Chicago native Chef Josh Marks stands tall in the culinary arts world. Being over seven feet tall, he towers over everyone in the room but it is his food that has everyone looking up these days.
If you’re a fan of the television reality show “Master Chef,” you remember Marks and his Rocky-like rise on the culinary program. He auditioned for the show in Chicago simply because he was in town for his sister’s birthday, then he got voted off in the middle of the competition. He later earned his way back on the show and then his climatic final “cook off” landed him a second place finish.
Not only was Josh praised for his ability to create masterpiece, one-of-kind dishes, but his humility and willingness to absorb comments and critiques earned him numerous praise from the judges. I caught up with Josh to find out more about him.
Chicago Defender: When did you first start cooking?
Josh Marks: I really first started really cooking in my sophomore year of college. You’re living on your own and you have to eat so that’s where it started for me.
CD: What was the first dish you prepared that let you know you had a gift for cooking?
JM: It’s not the most glamorous of dishes but it was chili. Once I was able to master some of the flavor aspects of cooking, that’s when I knew I was ready to go to the next level.
CD: What’s the one thing people don’t know about reality shows from the behind the scenes.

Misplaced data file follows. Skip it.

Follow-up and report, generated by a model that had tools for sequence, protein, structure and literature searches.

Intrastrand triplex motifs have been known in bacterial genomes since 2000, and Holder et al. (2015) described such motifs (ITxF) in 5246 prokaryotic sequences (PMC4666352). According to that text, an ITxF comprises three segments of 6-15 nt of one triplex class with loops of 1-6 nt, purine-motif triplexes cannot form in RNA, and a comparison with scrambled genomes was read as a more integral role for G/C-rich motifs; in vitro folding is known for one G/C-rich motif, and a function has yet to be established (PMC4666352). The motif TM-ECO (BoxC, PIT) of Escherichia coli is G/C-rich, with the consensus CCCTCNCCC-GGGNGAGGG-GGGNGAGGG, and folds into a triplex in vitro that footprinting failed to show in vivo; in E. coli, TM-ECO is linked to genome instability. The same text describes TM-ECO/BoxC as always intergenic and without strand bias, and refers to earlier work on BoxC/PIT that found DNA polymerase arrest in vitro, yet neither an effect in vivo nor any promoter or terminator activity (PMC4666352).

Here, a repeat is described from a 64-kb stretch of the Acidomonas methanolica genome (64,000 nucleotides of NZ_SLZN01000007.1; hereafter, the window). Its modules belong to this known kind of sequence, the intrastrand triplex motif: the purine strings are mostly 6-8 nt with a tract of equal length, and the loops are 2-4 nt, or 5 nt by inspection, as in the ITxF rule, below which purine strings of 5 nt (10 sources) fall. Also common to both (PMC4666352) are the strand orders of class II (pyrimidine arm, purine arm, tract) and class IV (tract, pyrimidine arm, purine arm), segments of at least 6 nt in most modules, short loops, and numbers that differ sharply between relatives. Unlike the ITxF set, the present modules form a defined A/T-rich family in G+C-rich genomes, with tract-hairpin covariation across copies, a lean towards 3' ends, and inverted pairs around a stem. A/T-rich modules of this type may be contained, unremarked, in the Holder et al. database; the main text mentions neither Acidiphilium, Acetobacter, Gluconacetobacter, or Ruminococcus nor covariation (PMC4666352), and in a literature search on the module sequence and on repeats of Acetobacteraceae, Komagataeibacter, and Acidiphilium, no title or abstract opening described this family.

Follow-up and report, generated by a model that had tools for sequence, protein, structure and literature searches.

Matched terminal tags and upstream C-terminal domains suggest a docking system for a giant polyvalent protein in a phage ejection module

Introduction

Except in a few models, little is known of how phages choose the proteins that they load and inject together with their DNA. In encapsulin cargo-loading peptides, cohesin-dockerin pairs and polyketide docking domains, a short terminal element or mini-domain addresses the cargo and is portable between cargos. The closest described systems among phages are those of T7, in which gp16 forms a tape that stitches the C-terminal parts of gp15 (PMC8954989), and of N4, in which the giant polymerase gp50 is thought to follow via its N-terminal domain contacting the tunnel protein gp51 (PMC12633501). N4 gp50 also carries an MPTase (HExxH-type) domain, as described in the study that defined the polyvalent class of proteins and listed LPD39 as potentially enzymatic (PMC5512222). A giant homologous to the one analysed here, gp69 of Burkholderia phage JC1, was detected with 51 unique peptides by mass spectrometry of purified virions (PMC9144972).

JM: It’s being sequestered or away from people, your family and friends for an extended period of time, in my case almost two months.
CD: What did you learn from being on “Master Chef”?
JM: I learned so much about the business of food. From working on food trucks to cooking for hundreds of people. I got a crash course in all the elements of the business. Most people would have to go years to put all that information together. I got it in a couple of months.
CD: You became the national spokesperson for Real Men Cook, a longstanding event held on Father’s Day. When did you first hear about it and how did you get involved?
JM: I attended Real Men Cook events when I was a high school student at Dunbar (Vocational High School). I was impressed with seeing men cooking and serving the community and the impact that it had. Once I had the exposure of “Master Chef “I knew my next move would be something where I could help people through food so it was a natural for me to become involved with Real Men Cook.
CD: What have you being doing since the show?
JM: I came back to Chicago to be announced as the spokesperson for Real Men Cook and prepared a meal for over 50 people at Macy’s that won praises. That was huge for me to be able to get back to Chicago and share my cooking with people there. I was also in Chicago as one of the main celebrity chefs for the “Chicago Best of Food and Wine” show.
CD: What’s next for you?
JM: I’m coming back to Chicago to meet with investors to open my cooking school, growing my commitment to Real Men Cook, and I have a line of seasonings that I am marketing. I really want to help people and change lives. Television is another avenue I want to explore more as I have seen how it reaches people.
CD: What’s the message you most want to leave people with?
JM: Everyone has a gift and talent in life. People assume because I’m seven feet tall that basketball would be mine but I found my love and passion and it’s food. Food is the one art form that can bring people together – even the most uncommon people. Everyone can enjoy a good meal and once you have people sitting down together the possibilities of bringing them together is endless.